Mesa Verde National Park
Geography: An inland sea periodically covered the Mesa Verde area from about 100 million years ago to about 70 million years ago, depositing sediments that formed layers of shale and sandstone. Among these deposits were shallow-water fine-grained sands, which are now Cliff House Sandstone. This is the rock that forms deep flat ledges, or alcoves, which made the cliff dwellings of the Anasazi possible.
Repeated minor lifts and erosion carved the canyons into the mesa that continues today. During the last million years red dust blew in from the southwest and covered the mesa with fertile soul. Water and wind erosion, along with freezing and thawing, are what cut the alcoves into the Cliff House Sandstone.
Mesa Verde is situated in a transition zone between high desert and the mountains. Oak brush, Utah serviceberry, and mountain mahogany cover higher northern elevations. The southern mesa is a forest of gray-green juniper and pinyon pine. Side canyons are home to sagebrush, yucca, and prickly pear.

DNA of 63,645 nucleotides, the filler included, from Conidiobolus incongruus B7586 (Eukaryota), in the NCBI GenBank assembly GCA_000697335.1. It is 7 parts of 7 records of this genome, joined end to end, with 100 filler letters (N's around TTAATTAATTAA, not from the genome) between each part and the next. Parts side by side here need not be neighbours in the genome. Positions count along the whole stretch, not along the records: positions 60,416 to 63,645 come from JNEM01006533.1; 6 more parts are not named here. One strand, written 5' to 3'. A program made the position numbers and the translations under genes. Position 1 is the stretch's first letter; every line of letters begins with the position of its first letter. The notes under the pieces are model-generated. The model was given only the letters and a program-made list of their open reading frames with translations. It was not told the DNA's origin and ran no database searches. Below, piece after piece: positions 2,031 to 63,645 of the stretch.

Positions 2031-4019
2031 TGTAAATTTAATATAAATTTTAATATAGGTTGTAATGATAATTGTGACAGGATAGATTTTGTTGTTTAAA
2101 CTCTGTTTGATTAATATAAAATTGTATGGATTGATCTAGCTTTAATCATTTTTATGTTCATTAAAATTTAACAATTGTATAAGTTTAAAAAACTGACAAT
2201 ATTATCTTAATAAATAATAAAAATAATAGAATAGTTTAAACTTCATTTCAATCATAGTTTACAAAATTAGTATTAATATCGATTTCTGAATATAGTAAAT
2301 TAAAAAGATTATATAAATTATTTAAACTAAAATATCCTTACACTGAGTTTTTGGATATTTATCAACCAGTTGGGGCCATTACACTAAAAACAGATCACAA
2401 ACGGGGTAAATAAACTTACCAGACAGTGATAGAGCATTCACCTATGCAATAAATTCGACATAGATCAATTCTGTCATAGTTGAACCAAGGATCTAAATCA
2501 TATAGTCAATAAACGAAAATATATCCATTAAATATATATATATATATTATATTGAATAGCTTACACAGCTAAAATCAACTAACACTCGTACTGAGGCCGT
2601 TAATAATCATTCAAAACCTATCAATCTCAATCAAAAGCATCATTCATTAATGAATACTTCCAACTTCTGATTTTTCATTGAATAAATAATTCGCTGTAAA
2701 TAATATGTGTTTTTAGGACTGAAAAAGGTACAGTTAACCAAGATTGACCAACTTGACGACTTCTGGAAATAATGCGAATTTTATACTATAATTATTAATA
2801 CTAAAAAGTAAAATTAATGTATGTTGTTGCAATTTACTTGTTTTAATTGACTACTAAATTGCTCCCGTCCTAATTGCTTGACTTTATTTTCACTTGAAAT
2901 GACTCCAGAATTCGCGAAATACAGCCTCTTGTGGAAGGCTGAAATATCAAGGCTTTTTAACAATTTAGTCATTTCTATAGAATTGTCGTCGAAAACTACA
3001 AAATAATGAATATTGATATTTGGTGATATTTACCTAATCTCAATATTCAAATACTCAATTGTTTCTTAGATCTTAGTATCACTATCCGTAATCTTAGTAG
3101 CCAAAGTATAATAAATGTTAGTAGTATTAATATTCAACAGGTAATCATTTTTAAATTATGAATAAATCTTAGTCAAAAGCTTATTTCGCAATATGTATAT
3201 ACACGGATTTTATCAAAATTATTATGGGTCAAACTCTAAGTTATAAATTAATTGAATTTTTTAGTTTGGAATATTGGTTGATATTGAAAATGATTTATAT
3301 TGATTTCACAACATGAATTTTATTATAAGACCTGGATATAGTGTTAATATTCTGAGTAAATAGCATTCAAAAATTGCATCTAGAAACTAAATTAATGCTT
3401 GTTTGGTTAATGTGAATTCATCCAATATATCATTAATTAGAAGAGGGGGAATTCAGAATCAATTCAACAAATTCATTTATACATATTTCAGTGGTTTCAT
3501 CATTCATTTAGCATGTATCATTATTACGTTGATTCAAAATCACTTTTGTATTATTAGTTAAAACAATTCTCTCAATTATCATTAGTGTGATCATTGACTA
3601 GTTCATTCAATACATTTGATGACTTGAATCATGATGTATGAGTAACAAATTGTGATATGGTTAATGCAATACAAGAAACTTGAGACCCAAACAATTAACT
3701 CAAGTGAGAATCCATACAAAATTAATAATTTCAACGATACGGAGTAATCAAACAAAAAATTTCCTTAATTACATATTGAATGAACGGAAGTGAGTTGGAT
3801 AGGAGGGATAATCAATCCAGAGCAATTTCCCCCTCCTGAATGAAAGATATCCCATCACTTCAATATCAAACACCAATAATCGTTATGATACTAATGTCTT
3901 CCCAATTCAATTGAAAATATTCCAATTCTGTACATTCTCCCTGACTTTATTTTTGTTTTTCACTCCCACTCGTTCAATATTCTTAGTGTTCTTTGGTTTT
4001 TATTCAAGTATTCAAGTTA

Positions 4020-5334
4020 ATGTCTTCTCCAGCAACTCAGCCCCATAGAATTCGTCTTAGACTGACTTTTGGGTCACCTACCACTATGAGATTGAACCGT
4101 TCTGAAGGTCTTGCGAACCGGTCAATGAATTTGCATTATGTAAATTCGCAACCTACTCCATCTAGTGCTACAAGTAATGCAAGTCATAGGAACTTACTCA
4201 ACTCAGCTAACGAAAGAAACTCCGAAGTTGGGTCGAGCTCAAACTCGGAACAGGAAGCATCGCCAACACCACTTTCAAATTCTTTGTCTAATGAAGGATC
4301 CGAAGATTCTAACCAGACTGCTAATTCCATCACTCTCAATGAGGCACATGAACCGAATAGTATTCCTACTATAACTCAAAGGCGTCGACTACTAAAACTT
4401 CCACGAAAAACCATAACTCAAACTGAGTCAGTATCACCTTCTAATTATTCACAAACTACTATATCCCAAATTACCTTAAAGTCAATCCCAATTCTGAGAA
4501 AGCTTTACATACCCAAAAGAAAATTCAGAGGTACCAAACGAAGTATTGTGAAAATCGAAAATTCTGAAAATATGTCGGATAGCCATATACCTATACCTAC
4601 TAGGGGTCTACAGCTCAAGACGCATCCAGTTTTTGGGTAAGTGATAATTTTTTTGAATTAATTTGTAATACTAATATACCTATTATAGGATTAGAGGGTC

Birds: Over 200 species of birds inhabit the park. Many are year-round residents, while others, like the turkey vulture and hummingbird, visit only during the summer. The wild Miriam's turkey is plentiful in the park, and flocks of these gregarious birds may wander through the campground at Morefield. These birds were originally caught by the Anasazi and raised for their feathers.
Animals: The most common animals in the park are the rock squirrel, cottontail rabbit, and chipmunk. Mule deer, coyotes, skunk, and foxes are also fairly common, and apt to stroll past a stationary car or hiker. Black bear, mountain lions, elk, tarantulas, and rattlesnakes are rarely seen, but do inhabit the park.
Details mentioned in this article were accurate at the time of publication